LOCATION: Hayden Residence
DOCKET NO.: 483
DECIDED BY: Warren Court (1965-1967)
CITATION: 387 US 369 (1967)
ARGUED: Mar 20, 1967 / Mar 21, 1967
DECIDED: May 29, 1967
Facts of the case
Media for Reitman v. MulkeyAudio Transcription for Oral Argument - March 20, 1967 in Reitman v. Mulkey
Audio Transcription for Oral Argument - March 21, 1967 in Reitman v. Mulkey
-- et al, petitioners versus Lincoln W. Mulkey et al.
A. L. Wirin:
Chief Justice, may it please Your Honors.
I address myself first to answer an inquiry put to Mr. Pruitt by the Chief Justice and by Justice Fortas as to whether or not the provision which we are challenging that we challenged below, Section 26 of the California Constitution, includes or encompasses persons who determine to discriminate in the sale or rental of housing because of race based upon agreement with others, particularly agreements in the nature of restrictive covenants.
My answer to the question of Your Honors is different from that given to you by Mr. Pruitt.
The text of Section 26 appears as an appendix to the brief for the petitioners as do the valid arguments which were submitted to the voters in California.
The first sheet or page in the appendix, right after the blue sheet from the brief for the petitioners contains the text of Section 26.
Your Honors will find that the brief for the petitioners and the brief for respondents may carry the similar colors but they're quite different in thrust and in import so far as the arguments presented are concerned.
This is called brief for petitioners and it has an appendix following a little blue sheet and the critical or significant provisions of this -- of this entire section is in the first paragraph and I merely refer to the last sentence in the first paragraph and to the phrase, “In his absolute discretion.”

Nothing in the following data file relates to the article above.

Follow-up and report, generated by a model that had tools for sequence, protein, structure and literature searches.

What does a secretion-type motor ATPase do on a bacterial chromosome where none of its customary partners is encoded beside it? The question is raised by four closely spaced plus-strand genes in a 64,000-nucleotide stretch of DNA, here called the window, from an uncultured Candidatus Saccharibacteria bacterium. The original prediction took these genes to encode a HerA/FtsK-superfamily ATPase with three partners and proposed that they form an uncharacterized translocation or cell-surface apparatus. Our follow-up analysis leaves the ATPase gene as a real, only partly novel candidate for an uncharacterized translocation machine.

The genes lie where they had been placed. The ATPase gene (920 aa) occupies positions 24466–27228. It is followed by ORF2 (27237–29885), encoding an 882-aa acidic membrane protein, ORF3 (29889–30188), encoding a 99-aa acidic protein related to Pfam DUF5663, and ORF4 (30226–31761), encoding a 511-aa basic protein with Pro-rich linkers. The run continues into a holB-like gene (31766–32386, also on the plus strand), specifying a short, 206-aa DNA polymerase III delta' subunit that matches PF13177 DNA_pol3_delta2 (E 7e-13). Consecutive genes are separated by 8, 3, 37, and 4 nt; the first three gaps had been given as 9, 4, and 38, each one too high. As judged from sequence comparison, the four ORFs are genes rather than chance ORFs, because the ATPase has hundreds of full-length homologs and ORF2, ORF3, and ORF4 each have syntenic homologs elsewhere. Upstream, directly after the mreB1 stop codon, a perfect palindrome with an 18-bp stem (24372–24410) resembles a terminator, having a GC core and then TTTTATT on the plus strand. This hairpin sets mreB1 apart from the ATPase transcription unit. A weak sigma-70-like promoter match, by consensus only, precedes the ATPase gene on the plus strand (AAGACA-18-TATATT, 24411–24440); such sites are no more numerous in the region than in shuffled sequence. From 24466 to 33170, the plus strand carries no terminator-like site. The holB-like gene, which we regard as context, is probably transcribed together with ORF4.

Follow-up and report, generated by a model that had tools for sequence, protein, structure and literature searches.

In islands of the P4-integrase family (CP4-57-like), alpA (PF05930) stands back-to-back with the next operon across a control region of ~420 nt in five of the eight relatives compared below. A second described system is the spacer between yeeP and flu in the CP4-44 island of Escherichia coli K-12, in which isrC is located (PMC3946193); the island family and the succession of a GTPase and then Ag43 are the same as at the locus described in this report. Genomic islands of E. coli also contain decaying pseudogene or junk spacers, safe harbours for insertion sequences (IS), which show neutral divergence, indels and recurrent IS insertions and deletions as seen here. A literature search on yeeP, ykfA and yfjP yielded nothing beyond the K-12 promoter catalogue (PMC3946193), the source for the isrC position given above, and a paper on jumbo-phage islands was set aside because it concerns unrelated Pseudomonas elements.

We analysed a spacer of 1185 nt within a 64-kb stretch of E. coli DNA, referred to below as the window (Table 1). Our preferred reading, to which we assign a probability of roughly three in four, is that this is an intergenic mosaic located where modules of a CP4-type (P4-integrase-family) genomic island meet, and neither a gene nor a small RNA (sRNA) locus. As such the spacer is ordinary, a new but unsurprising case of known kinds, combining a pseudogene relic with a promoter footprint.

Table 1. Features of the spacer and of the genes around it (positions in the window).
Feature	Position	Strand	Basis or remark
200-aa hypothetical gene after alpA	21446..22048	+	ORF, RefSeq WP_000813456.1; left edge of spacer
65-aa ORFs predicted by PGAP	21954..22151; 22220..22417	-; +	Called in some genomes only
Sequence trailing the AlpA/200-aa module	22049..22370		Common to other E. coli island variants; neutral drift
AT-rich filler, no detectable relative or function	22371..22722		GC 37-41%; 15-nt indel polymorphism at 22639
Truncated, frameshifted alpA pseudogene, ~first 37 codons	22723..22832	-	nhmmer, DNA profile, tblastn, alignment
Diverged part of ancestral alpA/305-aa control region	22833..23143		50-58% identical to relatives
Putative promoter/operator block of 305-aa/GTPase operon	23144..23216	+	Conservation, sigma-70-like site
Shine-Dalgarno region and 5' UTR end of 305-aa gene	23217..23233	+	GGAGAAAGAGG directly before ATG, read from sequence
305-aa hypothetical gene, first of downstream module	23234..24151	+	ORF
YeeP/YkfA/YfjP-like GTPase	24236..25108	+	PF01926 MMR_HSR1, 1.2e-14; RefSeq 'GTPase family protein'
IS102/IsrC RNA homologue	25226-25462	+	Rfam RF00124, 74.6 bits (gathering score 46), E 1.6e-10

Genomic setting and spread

And it seems to me that a reading of that phrase stated as broadly as I think the English language permits in his absolute discretion, would certainly include an individual who in his own absolute discretion undertakes voluntarily to arrive in the -- to arrive an agreement with others.
All of whom voluntarily agree to discriminate in housing because of race and thus the restrictive covenant.
So, it seems to me that a reading of a provision on its face, moreover Your Honors, we challenged below and the court below was of the view that Section 26 is unconstitutional on its face.
Therefore, it seems to me what the provision says on its face is -- it is the first consideration.
Additionally Your Honors, this section, Section 26 in the fourth paragraph which is the last paragraph on the same sheet, undertakes with precision to carve out certain exemptions.
These exemptions are with respect to the obtaining of property by eminent domain and with respect to accommodations for transients.
So, when the writers of this provision intended to make exemptions, they were able to and succeeded in setting forth those exemptions with precision, no exemption so far as the unlimited, unrestrained, uncontrolled by the courts, authority of the individual to exercise his absolute discretion no matter the circumstances or the considerations which entered into his -- his own discretion.
No such limitation appears on the face of the -- of the section.
Moreover Your Honors, I've stated Your Honors that the valid arguments are contained in this -- in this appendix.
Your Honors will find nothing in the valid -- valid arguments which suggest any such exemption for persons who determine to discriminate in their absolute discretion based upon such agreements.
And finally as to this narrow point, narrow or broad, in addition to the formal arguments which were submitted to the voters on -- to the voters, valid arguments and distributed by the Secretary of State which are attached as part of the appendix to the brief for the petitioners.
There is an extended brief by one of amici, namely the United Auto Workers Union and I -- I state simply quickly for Your Honors' guidance, if it is, that attached as appendices to that brief, it is the gray brief, motion for -- by the United Auto Workers.
There are arguments made to the voters perhaps informally, but nonetheless circulated by the California Real Estate Association and its subordinate organizations, distributed and circulated by that organization to the voters stating the purpose and the meaning of Section 26.
And nowhere in any of the arguments presented to the voters, even informally is there any suggestion that the limitation suggested by Mr. Pruitt maybe -- maybe read into this section.
A. L. Wirin:
Under California law, who prepares these valid arguments?
A. L. Wirin:
They're prepared by persons who are prominent on each -- on each side of the controversy.
The decision as to who's prominent is made by the Secretary of State.
The Secretary of State designates the --
A. L. Wirin: